Political style

It makes no sense for the government at the political level to say that they are in favour of, say, equal treatment of every part of the realm if documents produced at the junior level forget the existence of Scotland and Ulster, or mention them only as an add-on. When the government is committed to preserving British interests, it makes no sense if online forms refer to the Falkland Islands as the ‘Malvinas’ (which is the case in some drop-downs I have found).

Where there is a fixed political policy which should be reflected across the board in government communications and actions, there should be consistency.

Away from policy, there are also fixed standards which may mean nothing to middle- and junior-level officials but which are important in the wider scheme of things: for example in any publication referring the armed forces, one always say “naval and military” not “military and naval”, because the Royal Navy is the senior service. How many would be aware of that one? Grammatical standards, presentational style and good practice – all are should be kept up to ensure the government machine not only works but is respected.

One cannot expect every individual in the civil service to be aware of every political or stylistic policy possibly affecting what he or she is doing by drudge -work though, so consideration is needed as to how to bring consistency to the sprawling machinery of government. Some better communication of policy priorities is a possibility but it can only have a limited effect given how mealy-mouthed government communications are and given the limited hours there are in a day for a junior official to do his or her work. Therefor another approach is needed.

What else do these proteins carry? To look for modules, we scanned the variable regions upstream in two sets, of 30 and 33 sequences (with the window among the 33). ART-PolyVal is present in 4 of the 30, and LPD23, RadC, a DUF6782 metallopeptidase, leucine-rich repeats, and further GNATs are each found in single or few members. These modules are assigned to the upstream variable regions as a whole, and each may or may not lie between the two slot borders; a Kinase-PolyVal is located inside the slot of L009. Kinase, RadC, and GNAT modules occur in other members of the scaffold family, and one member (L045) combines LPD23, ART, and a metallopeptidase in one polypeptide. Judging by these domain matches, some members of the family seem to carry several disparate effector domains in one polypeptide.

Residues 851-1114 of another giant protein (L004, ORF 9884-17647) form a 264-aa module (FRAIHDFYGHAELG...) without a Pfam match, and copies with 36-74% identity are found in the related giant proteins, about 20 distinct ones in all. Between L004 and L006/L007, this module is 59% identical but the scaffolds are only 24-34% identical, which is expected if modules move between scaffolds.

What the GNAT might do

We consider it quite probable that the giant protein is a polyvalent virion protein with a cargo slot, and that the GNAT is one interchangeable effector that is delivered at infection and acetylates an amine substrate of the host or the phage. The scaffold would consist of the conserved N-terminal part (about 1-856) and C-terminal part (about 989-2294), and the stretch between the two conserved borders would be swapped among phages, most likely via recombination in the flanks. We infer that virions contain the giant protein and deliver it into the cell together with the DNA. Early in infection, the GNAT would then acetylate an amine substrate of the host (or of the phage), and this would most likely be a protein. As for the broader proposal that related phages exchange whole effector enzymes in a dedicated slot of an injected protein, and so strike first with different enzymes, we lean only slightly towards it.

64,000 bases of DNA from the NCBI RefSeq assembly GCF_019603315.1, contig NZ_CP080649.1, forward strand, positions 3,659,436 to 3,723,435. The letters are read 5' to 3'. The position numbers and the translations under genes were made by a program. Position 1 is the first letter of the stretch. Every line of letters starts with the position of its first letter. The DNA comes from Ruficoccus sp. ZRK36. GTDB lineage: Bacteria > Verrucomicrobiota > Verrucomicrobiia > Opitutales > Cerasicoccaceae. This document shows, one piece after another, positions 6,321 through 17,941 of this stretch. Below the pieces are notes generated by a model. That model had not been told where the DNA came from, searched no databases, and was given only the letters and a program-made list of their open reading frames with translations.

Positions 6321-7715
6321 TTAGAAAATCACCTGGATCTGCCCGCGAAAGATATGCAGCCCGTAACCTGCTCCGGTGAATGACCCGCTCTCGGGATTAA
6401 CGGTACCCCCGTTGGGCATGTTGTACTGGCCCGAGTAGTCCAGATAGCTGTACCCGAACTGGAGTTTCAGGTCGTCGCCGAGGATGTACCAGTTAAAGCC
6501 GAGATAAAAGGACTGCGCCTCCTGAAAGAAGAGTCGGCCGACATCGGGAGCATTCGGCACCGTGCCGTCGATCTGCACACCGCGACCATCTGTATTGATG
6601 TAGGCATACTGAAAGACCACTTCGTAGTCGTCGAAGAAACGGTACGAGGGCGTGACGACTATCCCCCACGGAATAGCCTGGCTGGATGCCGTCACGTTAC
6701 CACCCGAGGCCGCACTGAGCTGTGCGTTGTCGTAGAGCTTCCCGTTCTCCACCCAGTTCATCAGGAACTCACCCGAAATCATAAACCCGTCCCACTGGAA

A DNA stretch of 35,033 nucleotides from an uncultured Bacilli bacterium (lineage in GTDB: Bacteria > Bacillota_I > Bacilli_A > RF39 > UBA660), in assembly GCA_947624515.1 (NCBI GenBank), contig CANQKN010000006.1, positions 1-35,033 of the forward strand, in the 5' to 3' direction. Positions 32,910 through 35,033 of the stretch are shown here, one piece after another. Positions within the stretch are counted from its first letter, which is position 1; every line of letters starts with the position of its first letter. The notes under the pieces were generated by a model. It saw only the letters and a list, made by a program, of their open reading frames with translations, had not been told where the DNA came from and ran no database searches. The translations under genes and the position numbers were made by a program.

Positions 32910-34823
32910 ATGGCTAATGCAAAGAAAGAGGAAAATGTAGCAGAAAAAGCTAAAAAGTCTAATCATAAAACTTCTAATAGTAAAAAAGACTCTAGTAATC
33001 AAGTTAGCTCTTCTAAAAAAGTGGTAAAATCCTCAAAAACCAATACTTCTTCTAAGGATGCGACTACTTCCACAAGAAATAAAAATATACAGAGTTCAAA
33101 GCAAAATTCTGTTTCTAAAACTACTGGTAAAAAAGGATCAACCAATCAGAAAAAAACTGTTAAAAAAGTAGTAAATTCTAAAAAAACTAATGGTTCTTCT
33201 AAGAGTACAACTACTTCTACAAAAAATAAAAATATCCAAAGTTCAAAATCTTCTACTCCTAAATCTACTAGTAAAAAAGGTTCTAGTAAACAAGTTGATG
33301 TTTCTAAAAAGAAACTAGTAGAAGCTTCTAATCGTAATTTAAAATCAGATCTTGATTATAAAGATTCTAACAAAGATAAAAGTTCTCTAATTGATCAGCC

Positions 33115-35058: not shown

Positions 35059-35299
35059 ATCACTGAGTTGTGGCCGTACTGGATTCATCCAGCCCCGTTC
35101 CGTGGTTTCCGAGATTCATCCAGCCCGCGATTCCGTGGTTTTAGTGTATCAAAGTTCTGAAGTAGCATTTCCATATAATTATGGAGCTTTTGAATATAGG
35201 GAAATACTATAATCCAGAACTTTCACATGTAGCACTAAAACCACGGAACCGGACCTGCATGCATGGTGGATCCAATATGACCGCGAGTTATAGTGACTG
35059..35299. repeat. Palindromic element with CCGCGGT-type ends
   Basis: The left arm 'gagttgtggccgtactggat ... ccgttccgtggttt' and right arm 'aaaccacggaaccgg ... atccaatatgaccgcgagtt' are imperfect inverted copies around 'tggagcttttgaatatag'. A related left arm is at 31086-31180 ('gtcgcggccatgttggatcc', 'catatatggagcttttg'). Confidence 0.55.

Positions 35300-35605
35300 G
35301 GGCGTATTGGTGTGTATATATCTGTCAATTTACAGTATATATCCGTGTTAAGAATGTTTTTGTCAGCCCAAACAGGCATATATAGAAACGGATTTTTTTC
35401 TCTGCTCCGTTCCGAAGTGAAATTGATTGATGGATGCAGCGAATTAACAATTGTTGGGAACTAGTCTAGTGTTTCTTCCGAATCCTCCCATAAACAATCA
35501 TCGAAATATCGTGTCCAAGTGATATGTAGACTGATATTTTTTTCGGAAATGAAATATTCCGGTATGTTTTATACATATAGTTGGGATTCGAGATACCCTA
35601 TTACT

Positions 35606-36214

μ-intervention

The complexity of the chain of command suggests a high risk of failure.  Experience shows this happens very frequently. There are systems in place to minimise the failures, but systems create their own inflexibilities, and there will be no committee tasked with correcting errors, no cross-departmental thinking and no method of intervention.

In that case, Whitehall needs a mechanism for direct intervention could be deployed when a system has gone awry. This is micro-intervention.